Crying out

In the midst of adversity is when our silenced voices need to be at their loudest.

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Crying out

Protesters on 10th street holding signs on Feb. 4th to contradict the ban on refugees.

Protesters on 10th street holding signs on Feb. 4th to contradict the ban on refugees.

Hunter Rodgers

Protesters on 10th street holding signs on Feb. 4th to contradict the ban on refugees.

Hunter Rodgers

Protesters on 10th street holding signs on Feb. 4th to contradict the ban on refugees.

I am crying. I am crying for the hundreds of thousands of people who won’t be allowed to come home for at least 90 days, for some 120. I am crying for those who hold a green card or were merely traveling for business or pleasure when they were stopped from coming home to their family. I am crying for those trying to escape the very thing the government is trying to stop: terrorism. I am crying for those who have forgotten that our country was built on both those who left doors open, and those who walked through those doors to make a country that, while it has flaws, acknowledges those flaws and has people actively working towards fixing them. I am crying for the people who worked so hard to bring our country to where it is now, only to see it torn down, while walls of hatred replaced it, in a simple week and a half. I am crying for the missed opportunities. I am crying for my country.

The United States of America was built on unity. It was built on immigrants who came here seeking new opportunities and refuge. Whether it was religious or political, they came here with the dream of safety and security. America was built on hard workers, not family money.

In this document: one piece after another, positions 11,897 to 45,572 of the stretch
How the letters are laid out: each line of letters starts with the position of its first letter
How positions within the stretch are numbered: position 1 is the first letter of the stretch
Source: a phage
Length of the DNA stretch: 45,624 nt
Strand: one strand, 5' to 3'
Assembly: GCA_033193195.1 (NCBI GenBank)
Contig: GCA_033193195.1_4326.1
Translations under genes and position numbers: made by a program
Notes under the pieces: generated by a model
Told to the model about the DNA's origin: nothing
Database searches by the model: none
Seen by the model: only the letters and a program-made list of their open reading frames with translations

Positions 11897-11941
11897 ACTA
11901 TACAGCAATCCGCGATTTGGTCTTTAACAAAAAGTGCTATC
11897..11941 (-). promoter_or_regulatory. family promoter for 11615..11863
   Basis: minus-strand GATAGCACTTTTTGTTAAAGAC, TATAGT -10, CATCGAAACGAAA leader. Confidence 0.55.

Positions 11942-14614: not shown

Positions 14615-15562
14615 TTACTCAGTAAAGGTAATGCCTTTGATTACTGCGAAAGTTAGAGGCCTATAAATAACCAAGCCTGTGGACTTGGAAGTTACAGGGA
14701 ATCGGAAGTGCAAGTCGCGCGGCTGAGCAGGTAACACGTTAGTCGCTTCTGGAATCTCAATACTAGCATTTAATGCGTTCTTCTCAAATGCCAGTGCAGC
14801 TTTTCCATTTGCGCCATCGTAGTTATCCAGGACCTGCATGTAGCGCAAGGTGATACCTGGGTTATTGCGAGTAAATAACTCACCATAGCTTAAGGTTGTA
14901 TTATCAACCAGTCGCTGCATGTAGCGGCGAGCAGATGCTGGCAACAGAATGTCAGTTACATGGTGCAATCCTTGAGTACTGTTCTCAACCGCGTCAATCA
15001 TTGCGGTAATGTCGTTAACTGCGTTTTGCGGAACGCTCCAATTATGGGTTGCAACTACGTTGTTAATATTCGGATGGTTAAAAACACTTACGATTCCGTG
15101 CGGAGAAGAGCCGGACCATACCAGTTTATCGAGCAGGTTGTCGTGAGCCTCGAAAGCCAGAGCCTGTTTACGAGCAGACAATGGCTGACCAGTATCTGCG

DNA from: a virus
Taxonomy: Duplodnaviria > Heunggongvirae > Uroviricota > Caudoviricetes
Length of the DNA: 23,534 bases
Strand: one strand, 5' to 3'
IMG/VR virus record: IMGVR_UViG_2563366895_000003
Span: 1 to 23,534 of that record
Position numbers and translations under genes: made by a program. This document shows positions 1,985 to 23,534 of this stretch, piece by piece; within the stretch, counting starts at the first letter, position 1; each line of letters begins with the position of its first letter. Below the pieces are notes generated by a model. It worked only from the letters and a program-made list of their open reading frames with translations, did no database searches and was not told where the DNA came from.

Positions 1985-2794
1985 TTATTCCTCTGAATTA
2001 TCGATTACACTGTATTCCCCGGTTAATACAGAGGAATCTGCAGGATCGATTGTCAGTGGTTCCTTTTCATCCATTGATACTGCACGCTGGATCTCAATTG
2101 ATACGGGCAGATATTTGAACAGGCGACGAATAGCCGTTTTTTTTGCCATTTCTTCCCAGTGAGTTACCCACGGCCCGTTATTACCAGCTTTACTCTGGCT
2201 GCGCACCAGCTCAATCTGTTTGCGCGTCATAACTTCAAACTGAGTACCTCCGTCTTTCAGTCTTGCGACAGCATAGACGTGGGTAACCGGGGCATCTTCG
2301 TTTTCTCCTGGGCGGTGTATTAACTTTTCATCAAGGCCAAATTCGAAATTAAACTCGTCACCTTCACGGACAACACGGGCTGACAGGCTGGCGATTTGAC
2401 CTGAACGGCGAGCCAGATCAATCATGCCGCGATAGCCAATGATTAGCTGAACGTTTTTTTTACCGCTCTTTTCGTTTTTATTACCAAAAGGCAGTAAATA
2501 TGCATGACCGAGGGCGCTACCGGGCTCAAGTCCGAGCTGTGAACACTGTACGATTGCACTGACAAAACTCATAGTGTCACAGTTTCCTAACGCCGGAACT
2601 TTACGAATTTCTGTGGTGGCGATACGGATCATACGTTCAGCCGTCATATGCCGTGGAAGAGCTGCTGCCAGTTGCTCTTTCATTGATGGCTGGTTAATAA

We are described as the melting pot because of the ability to come together, to blend in and to make a life in this country. A bully with too much power has destroyed this image within two weeks. He has, in effect, destroyed the feeling of safety people had here. He has built an imaginary wall around America, telling people from certain countries that because of their heritage and a few bad apples, they are not allowed. They are not allowed to run from what we consider so dangerous, that people are willing to trivialize human lives. With this figurative wall, is coming a literal one, to attempt to stop people who aren’t involved with terrorism. It is wanted there simply because of skin tone and stereotypes.

Our country’s hard won reputation is being viciously ripped to shreds. Our country in itself is being torn apart, politically and fundamentally. Protests are becoming weekly happenings in our once peaceful country. People are taking a stand against this bully but I wonder if it will be enough to stop his rampant abuse of power. If it will be enough to tear down the wall already built and stop another from being made. It is an injustice in and of itself to block out people based on the actions of others. So I am crying. I will continue to cry until this injustice has been corrected.

We will march and shout. We will cry. We will continue to protest and fight for what is right. This movement won’t stop until justice is achieved. Our marches, our riots, our protests will continue and they will get bigger. Join the march.